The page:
Can you believe we are halfway through 2016? Speaking tax-wise and barring major life changes, that means you can easily figure how things may look at the end of 2016 – so now is the best time for a tax check-up. I do this exercise every year for financial planning, tax estimating, and just to eliminate surprises at tax time and I recommend every one do it. Some simple math, a copy of last year’s tax return; your income through June 30, which is easily found on your paystub; a piece of scrap paper; and a calculator are all you need to conduct your own mid-year tax check-up. This estimate will give you a good idea of your tax situation at the end of the year and subsequently at tax return time.
Since July 1 marks the halfway point of this leap year, you simply double the amounts you know and then figure out your estimated tax to determine what your taxes will look like at the end of the year. First, take last year’s tax return and that paystub or, if you are self-employed, your income from January 1-June 30. Find the year-to-date total earnings, double the amount, and write it on the copy of your tax return next to the Total Income line. Next, review your tax return for any adjustments to income. Compare those adjustments to the past six months and estimate what you might have this year for adjustments, for example, IRA contributions or student loan interest. If nothing is much different from last year, simply use the prior year amount as an estimate for 2016. Do the same for the other sections of your tax return, like dependents, itemized deductions or your standard deduction, adjusting for any life changes during the year that you have had or you expect to make. Write the appropriate numbers for each line to the right of the last year’s amount, total it all up just like you did for Total Income and you are half way there.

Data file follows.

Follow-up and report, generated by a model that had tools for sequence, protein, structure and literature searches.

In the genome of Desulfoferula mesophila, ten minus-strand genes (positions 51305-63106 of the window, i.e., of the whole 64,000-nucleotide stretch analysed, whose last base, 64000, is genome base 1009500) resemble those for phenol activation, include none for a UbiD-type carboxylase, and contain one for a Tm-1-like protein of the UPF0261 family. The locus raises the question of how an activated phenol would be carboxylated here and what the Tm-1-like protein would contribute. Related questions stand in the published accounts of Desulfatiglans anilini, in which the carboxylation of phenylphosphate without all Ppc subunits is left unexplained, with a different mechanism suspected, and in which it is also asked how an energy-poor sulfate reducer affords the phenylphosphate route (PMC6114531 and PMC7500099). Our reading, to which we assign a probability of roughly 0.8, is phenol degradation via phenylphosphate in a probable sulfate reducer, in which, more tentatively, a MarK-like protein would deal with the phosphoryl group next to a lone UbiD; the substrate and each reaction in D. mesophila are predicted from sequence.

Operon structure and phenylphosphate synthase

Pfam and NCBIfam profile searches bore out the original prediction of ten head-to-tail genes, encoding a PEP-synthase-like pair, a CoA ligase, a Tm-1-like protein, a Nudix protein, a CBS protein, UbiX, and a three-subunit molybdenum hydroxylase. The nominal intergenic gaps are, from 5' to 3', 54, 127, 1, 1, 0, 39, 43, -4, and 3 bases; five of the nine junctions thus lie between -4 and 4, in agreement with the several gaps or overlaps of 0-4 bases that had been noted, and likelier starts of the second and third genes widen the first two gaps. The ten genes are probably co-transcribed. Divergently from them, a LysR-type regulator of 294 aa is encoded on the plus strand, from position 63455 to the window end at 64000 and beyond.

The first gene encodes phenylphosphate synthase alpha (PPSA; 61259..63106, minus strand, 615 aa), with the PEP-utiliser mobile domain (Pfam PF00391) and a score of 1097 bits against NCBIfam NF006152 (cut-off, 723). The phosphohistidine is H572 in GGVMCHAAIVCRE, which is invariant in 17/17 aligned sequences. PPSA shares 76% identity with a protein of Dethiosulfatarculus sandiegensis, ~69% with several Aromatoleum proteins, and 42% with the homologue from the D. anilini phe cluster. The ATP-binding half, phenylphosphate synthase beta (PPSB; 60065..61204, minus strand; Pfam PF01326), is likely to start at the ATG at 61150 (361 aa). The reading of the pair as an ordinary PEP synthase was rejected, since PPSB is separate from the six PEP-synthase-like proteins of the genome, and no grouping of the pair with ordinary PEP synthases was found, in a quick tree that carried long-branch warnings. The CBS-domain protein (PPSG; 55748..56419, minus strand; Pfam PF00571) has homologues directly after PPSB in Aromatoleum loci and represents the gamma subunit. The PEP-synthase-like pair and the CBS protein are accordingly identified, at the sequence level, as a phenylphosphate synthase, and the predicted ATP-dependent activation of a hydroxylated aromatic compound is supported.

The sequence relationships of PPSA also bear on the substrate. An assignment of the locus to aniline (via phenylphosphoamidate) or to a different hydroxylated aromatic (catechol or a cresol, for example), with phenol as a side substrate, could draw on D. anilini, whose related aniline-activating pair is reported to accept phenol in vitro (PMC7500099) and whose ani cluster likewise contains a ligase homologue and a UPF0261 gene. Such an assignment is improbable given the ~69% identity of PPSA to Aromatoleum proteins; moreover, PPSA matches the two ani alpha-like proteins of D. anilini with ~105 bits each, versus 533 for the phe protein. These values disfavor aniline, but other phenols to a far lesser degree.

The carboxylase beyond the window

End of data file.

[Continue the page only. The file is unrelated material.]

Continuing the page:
Now, look again at the June 30 paystub and note your year-to-date Federal Tax Withholding. Double that amount and write it next to the line for taxes withheld on your return copy. If you are self- employed, use your two estimated tax payments (you did pay April and June – didn’t you) and again assuming nothing else changes, double the total payments made so far and write that number next to estimated payments and amount applied from 2014 return. At this point, you are getting closer to a good estimate of what your tax return may look like for 2016. Next, figure your estimated tax rate, use last year’s tax amount, and divide it by your taxable income. You can now use that tax rate to estimate your current year tax using the taxable income you just estimated. Finally, compare your tax liability projection amount with the projected tax paid for 2016 amount. If your projections have paid more in than due, you could be getting a tax refund; if not, then, without changes, you may owe come tax time.
Alternately, there are a number of tools at IRS.gov to help you compute your 2016 tax estimate, but I believe the exercise above helps you understand your taxes better and therefore might give you a feeling of more control and less fear when it comes time to actually do your 2016 taxes.
Remember when doing a projection like this it is an estimate for projection purposes. If your income is about the same for 2016 and the taxes you paid are the same, your tax refund or amount due should be about the same. If not, you need to consider what changed, so you can take appropriate action especially if you want to be part of my Happy About a Big Refund Gang. This year, you can celebrate Independence Day by looking forward to keeping more of your money come tax time.
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